oxygen activity below the Cr2O3 scale is still high enough to form
Al2O3, which is of high thermodynamic stability.
Fig. 8: Oxidation/nitridation behavior of the Ni-base alloy Ni-20Cr2Al-2Ti (a) after isothermal exposure for 100h at T=1000°C to air and
(b) after thermal-cycling (100h, 5h intervals at T=1000°C, air)
To simulate such complex situations leading to internal corrosion the
finite-difference computer model was extended by a start condition,
which takes oxide growth and thermally-induced cracking into
account. Once a crack has been established, inward diffusion starts
from the root of the crack acting as a source into a two-dimensional
finite-difference mesh [#ref18] while internal corrosion is considered
by the integrated thermodynamic module ChemApp. Fig. 9a shows an
example of a calculated two-dimensional internal TiN zone emanating
from a crack in the oxide scale. The predicted lateral dimension of the
internal nitridation front agrees with the one obtained in a nitridation
experiment where a crack in a thermally-grown Cr2O3 scale on Ni-
20Cr-2Ti was generated artificially by a small diamond saw cut before
exposing the specimen to nitrogen atmosphere [#ref18].
Fig. 9: Internal nitridation by TiN in Ni-20Cr-2Ti as a consequence of a
crack in the Cr2O3 scale (a) calculated lateral TiN concentration profile
and (b) TiN-precipitation zone (100h, T=1000°C, nitrogen, after preoxidation and crack generation)
Under simplified conditions internal nitridation of Ni-base alloys can
be treated by Wagner’s classical theory of internal oxidation. However,
since this analytical approach is restricted to only one precipitated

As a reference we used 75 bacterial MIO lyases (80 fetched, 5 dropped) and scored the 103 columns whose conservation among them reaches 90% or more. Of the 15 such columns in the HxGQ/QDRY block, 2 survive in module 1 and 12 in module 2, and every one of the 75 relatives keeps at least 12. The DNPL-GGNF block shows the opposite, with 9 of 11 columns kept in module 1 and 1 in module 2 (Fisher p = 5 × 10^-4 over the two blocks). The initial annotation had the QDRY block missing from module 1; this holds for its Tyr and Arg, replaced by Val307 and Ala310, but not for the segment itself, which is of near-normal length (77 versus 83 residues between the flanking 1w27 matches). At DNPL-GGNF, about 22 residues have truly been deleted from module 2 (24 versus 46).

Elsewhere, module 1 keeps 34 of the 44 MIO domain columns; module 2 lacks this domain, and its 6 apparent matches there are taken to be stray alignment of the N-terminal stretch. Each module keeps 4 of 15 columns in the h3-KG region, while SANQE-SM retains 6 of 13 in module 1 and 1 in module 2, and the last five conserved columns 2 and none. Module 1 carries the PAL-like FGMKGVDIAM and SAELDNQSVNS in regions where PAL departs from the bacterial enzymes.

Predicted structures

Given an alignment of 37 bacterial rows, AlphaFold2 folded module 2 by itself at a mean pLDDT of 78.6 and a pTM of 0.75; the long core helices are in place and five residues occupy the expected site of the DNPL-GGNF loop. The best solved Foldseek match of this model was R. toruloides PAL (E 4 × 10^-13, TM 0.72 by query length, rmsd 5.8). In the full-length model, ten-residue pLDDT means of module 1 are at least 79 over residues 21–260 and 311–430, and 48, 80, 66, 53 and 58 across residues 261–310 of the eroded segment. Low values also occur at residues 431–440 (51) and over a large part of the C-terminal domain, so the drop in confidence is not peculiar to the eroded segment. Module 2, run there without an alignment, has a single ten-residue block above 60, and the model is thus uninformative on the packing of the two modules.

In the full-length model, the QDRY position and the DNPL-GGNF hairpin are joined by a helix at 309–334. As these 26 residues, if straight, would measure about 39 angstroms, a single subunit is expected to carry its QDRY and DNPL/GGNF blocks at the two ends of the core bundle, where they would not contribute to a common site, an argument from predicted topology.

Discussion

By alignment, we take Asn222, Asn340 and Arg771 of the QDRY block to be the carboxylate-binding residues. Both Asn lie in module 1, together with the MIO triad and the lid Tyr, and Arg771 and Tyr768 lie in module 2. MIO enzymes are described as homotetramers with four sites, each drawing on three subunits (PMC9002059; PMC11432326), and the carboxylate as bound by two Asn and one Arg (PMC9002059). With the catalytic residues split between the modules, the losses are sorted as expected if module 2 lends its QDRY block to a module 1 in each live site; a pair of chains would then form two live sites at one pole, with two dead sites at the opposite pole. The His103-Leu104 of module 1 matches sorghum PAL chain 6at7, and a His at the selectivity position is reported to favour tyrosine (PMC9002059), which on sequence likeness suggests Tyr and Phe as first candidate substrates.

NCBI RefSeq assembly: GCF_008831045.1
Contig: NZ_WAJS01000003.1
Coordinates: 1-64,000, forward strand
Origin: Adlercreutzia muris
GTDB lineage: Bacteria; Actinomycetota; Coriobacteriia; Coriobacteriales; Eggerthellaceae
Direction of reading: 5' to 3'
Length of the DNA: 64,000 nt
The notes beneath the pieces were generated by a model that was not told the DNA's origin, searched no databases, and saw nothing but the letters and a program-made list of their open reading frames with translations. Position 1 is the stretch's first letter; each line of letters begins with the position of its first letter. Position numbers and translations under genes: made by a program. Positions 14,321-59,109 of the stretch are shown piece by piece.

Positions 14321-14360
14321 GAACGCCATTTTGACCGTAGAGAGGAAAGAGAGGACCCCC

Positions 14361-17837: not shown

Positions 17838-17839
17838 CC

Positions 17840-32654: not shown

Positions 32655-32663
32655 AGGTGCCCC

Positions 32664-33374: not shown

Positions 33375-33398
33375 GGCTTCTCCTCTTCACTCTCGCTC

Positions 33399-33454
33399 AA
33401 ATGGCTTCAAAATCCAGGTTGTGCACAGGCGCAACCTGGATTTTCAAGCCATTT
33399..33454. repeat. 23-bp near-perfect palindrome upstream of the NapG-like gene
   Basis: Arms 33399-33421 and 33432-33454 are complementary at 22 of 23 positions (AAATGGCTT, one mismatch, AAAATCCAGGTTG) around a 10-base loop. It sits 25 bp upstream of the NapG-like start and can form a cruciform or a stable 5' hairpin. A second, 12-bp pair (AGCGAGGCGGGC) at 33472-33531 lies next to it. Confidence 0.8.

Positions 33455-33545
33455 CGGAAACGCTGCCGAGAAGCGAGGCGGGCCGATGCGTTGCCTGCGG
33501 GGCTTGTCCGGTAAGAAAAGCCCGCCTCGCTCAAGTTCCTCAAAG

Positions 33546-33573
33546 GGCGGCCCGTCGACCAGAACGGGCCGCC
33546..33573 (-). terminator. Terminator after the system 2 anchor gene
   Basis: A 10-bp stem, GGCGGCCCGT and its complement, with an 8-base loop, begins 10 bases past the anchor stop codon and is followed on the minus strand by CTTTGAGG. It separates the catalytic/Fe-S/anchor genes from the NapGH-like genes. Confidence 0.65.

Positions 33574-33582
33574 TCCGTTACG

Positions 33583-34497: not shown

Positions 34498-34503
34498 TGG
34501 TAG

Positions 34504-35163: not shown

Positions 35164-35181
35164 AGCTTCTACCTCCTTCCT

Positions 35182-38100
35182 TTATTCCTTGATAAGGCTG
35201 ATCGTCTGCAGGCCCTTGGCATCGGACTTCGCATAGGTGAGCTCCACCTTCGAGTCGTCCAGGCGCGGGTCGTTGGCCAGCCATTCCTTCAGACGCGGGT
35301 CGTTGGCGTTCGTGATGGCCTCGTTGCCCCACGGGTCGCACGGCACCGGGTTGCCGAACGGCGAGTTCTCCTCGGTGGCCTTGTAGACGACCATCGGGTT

compound of high thermodynamic stability and constant boundary
conditions, a numerical simulation was applied to predict internal
corrosion phenomena under more complex near-service conditions.
This simulation integrates the thermodynamic module ChemApp into a
finite-difference diffusion calculation. By applying the program in
combination with a special data set to internal nitridation of Ni-Cr-AlTi alloys, the experimental results could be reproduced, e.g., (i) that Cr
promotes the internal corrosion attack by TiN in Ni-xCr-2Ti alloys and
(ii) that internal TiN formation is accompanied by simultaneous AlN
formation in Ni-20Cr-2Al-Ti. The model has been extended to
describe internal corrosion as a consequence of oxide-scale failure
and it is intended to comprise also oxide growth and breakdown
kinetics, corrosion-induced phase transformations in the alloy and
interactions between internal corrosion and mechanical loading.
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Temperature Exposure of Nickel-Base Superalloys’, U. Krupp, H.-J.
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!ref16 ‘Precipitation of the ternary π phase during Nitriding of Ni-Cr
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Processes, Frankfurt, Germany, 2001